LINGUIST List 11.311

Tue Feb 15 2000

Calls: Natural Lang Generation, Ling Assoc/Southwest

Editor for this issue: Jody Huellmantel <>

As a matter of policy, LINGUIST discourages the use of abbreviations or acronyms in conference announcements unless they are explained in the text.


  1. Ralf Klabunde, International Conf on Natural Language Generation (INLG'2000)
  2. Dan Villa, 29th Annual Linguistic Association of the Southwest Conf (LASSO)

Message 1: International Conf on Natural Language Generation (INLG'2000)

Date: Tue, 15 Feb 2000 19:09:14 +0100
From: Ralf Klabunde <>
Subject: International Conf on Natural Language Generation (INLG'2000)


Why care for cognitive modeling when building NLG systems ? 

 Workshop to be held in conjunction with 
The International Conference on Natural Language Generation (INLG'2000)
 June 12-16, 2000, Mitzpe Ramon, Israel

Workshop home page:


Natural Language Generation (NLG) exists now for many years as a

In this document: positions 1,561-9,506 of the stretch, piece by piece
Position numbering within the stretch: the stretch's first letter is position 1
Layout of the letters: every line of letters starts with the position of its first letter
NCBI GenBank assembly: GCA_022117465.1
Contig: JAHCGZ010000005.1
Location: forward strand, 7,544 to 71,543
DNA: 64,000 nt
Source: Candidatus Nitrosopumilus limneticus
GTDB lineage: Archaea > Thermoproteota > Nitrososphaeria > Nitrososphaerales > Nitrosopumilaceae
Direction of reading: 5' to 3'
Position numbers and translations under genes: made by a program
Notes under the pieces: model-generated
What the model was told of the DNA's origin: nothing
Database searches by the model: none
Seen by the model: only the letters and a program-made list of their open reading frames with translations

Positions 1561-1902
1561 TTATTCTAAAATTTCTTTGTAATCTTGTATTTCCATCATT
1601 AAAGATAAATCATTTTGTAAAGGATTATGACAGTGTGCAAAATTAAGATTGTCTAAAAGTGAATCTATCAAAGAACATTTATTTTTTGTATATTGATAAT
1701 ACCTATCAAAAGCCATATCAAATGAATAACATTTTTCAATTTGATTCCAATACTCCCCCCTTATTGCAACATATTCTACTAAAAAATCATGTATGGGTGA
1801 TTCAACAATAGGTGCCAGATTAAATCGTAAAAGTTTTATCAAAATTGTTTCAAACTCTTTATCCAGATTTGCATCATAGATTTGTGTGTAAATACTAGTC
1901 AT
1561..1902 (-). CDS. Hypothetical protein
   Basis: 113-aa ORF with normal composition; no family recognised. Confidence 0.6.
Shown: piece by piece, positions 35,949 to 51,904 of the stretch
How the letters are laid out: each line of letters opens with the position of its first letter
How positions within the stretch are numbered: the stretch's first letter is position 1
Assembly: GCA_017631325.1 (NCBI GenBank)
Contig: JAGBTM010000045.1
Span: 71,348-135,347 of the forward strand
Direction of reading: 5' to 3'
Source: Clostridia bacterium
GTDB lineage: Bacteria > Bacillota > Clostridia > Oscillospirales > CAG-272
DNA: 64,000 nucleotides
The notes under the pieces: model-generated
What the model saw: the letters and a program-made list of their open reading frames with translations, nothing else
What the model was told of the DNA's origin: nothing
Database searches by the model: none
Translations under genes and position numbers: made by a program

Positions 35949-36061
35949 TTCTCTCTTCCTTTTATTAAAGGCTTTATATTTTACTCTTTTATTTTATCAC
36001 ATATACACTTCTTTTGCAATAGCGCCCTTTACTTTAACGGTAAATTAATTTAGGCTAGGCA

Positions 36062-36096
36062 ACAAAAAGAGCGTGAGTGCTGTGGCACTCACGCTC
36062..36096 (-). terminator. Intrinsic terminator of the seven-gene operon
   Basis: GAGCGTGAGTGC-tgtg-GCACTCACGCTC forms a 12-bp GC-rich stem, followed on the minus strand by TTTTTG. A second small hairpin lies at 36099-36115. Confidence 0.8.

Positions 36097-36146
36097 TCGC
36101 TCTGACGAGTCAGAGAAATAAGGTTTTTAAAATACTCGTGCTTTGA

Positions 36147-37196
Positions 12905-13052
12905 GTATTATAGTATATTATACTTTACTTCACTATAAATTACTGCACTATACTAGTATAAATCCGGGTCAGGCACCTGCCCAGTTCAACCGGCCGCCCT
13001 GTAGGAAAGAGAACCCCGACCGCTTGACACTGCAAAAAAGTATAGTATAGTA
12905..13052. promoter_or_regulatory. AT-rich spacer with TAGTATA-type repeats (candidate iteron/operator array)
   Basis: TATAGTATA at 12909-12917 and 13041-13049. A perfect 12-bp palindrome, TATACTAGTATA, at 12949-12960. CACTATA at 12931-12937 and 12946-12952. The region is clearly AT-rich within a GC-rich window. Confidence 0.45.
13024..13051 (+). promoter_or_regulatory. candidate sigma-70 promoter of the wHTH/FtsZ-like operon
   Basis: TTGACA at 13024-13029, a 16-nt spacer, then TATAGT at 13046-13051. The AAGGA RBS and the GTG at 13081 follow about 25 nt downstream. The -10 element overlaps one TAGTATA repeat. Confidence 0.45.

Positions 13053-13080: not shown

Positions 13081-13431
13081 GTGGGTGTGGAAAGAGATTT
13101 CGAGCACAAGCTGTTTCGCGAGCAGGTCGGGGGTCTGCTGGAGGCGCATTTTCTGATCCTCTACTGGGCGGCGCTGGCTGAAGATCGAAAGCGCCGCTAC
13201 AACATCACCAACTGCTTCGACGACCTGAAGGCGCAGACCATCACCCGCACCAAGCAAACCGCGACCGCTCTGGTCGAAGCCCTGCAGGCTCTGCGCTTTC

subdiscipline of computational linguistics. Many systems have been
built with different goals and from different perspectives. While some
approaches are strongly driven by engineering concerns, others are
more concerned with insights in human language production.

By organizing this workshop we pursue three goals: 

(a) to show that cognitive and engineering approaches, rather then being 
 mutually exclusive, are highly complementary; 
(b) to identify some of the loci where the human factor should be taken into 
(c) to discuss then what methods could be used in order to enhance current 
 systems or architectures by means of cognitive models of human language 

While there is no doubt that cognitive modeling is useful for testing
theories of human behavior, it is probably also quite useful in
cognitive engineering, that is, as a complementary methodology for
building systems. If the engineering point of view is overemphasised,
designers will be more concerned with the machine than with their
final users: people. In order to build truly user-friendly